Written by:
Lucie Sadler
Date Posted:
31 May 2018

“I’m not a robot”

Auth process
Google has just patched a reCAPTCHA vuln that allowed users to bypass their authentication system.

ReCAPTCHA is the auth process that protects websites against bots, spam, and stops users abusing online services. Google has been refining and improving reCAPTCHA for years, and has just released a v3 beta. The latest version has got rid of the interactive challenges and instead gives users a ‘score’ that determines whether they are human or bot, for instance detecting mouse movement etc.

Not foolproof
ReCAPTCHA isn’t foolproof. Security researcher Andres Riancho found an error in the current system that showed that to bypass the ReCAPTCHA form, it just required the web application using it to craft a request to /recaptcha/api/siteverify in an insecure way.

ReCAPTCHA is based on the Turing Test, where puzzles or logic cases are given to users to solve to prove that they’re not robots. So, when a site using reCAPTCHA pops up to verify the site visitor, Google provides a set of images through JavaScript code. Then when the site visitor confirms that they are human by solving the image ‘puzzle’, a HTTP request is triggered. The web application then authenticates itself via a secure parameter, and Google’s reCAPTCHA API verifies it.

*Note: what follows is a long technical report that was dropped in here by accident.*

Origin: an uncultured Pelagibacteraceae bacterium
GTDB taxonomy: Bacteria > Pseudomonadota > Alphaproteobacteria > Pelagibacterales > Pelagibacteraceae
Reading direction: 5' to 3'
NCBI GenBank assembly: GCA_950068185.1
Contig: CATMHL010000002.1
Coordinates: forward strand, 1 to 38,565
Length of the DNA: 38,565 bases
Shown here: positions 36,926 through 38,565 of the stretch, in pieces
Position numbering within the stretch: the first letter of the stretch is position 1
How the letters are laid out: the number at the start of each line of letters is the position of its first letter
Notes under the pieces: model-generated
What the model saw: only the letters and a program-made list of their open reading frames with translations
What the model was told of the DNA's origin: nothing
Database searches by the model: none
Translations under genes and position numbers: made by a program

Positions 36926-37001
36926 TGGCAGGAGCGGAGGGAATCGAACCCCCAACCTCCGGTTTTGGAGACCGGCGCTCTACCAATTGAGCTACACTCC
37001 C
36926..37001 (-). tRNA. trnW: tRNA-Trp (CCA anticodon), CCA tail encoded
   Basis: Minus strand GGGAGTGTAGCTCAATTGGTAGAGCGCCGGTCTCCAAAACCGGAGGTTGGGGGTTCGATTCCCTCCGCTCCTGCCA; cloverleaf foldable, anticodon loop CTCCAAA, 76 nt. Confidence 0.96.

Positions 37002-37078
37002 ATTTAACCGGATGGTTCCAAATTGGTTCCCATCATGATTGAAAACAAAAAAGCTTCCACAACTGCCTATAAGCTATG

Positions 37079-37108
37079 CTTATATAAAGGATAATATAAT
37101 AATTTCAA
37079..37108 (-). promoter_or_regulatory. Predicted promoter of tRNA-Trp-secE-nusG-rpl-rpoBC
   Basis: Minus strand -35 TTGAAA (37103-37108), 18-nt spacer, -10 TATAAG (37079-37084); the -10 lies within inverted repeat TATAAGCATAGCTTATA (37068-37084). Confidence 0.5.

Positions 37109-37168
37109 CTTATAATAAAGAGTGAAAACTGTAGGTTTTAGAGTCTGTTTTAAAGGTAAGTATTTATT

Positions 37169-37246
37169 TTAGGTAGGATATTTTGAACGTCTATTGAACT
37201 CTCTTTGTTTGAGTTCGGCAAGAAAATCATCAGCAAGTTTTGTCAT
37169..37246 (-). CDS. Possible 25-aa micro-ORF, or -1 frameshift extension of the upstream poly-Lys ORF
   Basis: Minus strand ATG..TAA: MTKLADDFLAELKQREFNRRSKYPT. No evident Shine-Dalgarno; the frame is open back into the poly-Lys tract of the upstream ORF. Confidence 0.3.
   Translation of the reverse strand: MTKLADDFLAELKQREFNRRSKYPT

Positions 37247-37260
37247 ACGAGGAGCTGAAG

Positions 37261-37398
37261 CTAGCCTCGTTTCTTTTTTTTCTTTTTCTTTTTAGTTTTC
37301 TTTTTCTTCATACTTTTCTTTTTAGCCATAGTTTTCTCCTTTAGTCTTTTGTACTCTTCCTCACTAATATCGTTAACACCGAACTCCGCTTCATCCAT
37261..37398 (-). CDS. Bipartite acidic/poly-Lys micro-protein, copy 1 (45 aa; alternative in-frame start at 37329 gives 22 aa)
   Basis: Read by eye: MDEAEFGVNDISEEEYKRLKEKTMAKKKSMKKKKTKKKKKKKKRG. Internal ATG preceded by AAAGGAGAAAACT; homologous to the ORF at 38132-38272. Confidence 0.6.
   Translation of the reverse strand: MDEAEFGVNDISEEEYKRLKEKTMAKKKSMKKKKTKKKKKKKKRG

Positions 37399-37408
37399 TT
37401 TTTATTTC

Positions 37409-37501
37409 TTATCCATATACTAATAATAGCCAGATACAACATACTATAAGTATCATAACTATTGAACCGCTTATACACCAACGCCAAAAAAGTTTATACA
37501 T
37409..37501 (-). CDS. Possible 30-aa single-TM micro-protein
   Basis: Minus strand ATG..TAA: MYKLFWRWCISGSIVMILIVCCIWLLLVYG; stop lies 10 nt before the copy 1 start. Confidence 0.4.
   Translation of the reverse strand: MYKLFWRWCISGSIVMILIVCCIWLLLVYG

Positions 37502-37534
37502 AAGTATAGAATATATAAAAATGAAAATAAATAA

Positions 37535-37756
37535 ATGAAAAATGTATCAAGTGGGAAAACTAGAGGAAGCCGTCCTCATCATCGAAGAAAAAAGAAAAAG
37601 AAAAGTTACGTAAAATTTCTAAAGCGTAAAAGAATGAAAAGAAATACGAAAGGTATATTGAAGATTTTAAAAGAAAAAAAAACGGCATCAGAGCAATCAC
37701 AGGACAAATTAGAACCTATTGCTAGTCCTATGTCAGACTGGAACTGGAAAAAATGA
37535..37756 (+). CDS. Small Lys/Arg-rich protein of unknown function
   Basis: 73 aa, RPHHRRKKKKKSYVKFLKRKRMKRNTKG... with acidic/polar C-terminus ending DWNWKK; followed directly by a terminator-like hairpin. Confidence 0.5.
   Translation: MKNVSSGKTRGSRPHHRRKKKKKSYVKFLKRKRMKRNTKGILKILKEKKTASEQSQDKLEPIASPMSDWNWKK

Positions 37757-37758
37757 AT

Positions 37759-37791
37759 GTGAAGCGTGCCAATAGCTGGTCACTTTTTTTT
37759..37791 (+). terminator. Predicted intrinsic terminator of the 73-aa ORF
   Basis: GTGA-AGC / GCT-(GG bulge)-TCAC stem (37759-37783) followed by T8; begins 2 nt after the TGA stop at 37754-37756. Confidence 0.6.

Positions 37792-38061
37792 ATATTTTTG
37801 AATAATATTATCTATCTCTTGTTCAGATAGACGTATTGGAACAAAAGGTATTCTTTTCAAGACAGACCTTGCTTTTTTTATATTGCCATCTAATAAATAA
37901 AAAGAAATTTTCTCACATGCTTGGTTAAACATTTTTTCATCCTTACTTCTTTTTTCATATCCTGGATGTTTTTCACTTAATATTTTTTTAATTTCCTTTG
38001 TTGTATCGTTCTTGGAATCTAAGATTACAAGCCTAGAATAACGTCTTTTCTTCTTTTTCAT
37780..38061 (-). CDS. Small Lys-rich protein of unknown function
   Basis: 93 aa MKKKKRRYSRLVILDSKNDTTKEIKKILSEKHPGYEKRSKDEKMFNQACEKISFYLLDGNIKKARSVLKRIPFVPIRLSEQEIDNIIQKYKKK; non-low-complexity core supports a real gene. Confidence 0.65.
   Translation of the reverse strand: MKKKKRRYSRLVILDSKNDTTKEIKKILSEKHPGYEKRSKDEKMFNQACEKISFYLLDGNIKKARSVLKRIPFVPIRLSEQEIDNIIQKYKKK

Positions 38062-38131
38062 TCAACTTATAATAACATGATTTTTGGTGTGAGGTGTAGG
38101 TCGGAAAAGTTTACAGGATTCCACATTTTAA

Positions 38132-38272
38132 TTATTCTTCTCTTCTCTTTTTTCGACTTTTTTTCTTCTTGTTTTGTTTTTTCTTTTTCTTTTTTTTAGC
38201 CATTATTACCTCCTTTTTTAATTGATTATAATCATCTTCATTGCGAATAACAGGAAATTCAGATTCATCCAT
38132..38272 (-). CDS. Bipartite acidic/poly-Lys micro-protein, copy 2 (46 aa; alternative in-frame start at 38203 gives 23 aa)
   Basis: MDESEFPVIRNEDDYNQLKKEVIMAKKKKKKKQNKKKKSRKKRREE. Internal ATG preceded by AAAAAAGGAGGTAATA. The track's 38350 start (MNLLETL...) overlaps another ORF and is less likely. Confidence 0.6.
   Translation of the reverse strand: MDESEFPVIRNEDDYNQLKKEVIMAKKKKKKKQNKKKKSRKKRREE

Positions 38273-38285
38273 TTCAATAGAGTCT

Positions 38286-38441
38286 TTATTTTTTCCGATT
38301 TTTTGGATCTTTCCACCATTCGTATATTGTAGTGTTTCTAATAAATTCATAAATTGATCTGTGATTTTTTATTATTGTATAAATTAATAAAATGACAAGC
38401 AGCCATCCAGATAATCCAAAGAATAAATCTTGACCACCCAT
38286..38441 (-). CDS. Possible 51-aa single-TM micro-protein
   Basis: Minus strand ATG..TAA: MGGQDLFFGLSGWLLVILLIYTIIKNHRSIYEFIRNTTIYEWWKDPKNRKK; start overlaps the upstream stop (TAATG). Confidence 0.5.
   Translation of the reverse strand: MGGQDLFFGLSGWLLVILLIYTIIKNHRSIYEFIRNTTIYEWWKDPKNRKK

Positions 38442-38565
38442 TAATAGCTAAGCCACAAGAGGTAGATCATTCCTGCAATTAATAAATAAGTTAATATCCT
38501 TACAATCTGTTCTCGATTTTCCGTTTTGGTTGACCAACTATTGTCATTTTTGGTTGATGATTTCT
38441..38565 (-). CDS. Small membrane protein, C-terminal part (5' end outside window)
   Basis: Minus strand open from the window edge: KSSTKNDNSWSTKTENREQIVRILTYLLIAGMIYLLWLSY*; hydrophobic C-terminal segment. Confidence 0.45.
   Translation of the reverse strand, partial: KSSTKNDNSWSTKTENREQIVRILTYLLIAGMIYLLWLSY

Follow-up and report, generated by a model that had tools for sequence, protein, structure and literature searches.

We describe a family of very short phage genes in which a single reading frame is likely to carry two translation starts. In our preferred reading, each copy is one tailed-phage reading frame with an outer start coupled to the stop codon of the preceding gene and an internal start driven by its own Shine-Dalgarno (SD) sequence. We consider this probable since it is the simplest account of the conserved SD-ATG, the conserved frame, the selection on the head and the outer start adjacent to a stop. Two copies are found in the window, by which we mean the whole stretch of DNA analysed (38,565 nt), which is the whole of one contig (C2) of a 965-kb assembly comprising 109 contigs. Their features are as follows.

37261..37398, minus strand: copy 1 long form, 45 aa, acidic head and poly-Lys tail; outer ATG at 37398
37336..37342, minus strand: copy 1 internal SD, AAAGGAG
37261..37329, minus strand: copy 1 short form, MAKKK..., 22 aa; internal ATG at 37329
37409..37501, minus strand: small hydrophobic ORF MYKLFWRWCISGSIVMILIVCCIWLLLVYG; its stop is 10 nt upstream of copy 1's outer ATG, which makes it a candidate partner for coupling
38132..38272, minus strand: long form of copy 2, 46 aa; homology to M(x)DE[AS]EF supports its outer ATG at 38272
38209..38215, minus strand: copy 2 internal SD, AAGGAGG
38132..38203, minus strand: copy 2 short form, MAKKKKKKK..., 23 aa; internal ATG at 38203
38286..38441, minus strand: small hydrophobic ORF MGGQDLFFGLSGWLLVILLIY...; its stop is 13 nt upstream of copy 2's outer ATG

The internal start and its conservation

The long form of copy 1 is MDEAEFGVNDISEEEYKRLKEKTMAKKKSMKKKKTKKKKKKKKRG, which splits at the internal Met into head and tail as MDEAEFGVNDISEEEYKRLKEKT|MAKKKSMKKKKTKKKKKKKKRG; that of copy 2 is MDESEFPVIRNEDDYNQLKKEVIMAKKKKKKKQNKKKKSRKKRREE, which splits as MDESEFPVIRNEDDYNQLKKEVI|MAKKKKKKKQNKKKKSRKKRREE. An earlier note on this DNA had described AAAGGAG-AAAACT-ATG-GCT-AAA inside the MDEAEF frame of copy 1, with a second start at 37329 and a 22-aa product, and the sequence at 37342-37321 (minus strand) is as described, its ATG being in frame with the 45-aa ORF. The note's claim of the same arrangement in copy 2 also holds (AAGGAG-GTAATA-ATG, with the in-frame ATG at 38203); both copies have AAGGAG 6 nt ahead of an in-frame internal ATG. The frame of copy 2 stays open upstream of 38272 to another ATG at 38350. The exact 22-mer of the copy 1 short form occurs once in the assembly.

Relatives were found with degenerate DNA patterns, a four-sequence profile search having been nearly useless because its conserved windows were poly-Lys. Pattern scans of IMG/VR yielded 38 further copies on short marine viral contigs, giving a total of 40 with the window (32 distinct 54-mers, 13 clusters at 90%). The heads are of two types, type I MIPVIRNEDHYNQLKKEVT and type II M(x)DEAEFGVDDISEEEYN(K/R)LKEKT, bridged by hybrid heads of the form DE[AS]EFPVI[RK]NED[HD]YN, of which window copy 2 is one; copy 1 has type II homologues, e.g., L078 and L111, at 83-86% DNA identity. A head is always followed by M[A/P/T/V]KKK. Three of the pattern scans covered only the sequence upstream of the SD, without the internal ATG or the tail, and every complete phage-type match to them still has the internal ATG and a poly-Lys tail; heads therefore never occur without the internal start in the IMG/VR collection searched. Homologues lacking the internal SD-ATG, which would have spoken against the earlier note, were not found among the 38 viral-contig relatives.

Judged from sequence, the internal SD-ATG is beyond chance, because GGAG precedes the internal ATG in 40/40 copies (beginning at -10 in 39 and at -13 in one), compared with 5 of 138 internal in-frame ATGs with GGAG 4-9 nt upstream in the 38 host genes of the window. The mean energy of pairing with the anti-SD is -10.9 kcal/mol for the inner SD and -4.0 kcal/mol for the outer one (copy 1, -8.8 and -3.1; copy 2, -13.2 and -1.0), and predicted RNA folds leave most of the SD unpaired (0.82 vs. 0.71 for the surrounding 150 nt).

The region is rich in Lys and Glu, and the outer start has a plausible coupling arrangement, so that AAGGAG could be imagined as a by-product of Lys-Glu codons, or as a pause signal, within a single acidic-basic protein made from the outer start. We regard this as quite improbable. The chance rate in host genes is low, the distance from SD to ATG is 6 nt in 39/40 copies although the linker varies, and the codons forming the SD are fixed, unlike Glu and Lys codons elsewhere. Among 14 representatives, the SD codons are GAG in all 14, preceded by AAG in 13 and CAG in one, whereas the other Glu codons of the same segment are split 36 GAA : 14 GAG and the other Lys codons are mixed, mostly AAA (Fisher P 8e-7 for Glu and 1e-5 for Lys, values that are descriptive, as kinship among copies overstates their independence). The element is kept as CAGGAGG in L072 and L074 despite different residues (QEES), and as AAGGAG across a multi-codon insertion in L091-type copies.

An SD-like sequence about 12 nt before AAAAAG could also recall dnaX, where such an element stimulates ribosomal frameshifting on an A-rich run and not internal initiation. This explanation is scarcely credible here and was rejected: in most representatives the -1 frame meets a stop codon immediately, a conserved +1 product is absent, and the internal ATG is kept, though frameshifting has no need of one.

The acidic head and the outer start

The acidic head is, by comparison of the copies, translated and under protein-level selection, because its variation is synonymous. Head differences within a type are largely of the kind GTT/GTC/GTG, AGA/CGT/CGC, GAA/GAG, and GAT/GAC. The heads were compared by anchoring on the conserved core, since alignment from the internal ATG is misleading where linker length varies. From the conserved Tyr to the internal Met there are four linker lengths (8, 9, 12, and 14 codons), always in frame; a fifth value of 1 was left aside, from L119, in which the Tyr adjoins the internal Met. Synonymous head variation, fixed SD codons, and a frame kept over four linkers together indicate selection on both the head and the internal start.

Parameter Pollution
But, when HTTP Parameter Pollution is introduced (multiple HTTP parameters with the same name) a bypass exploit can be created. So in other words, a bypass could be created if a web application sent verification requests to the reCAPTCHA API in an insecure way.

The bug was reported to Google and at first they said that it was working perfectly, then realised there was a problem and paid out on the bug bounty (that was then donated to charity).

There aren’t any patches required for the user, as Google’s API has been fixed. Hopefully the new reCAPTCHA verification will be a lot less problematic.

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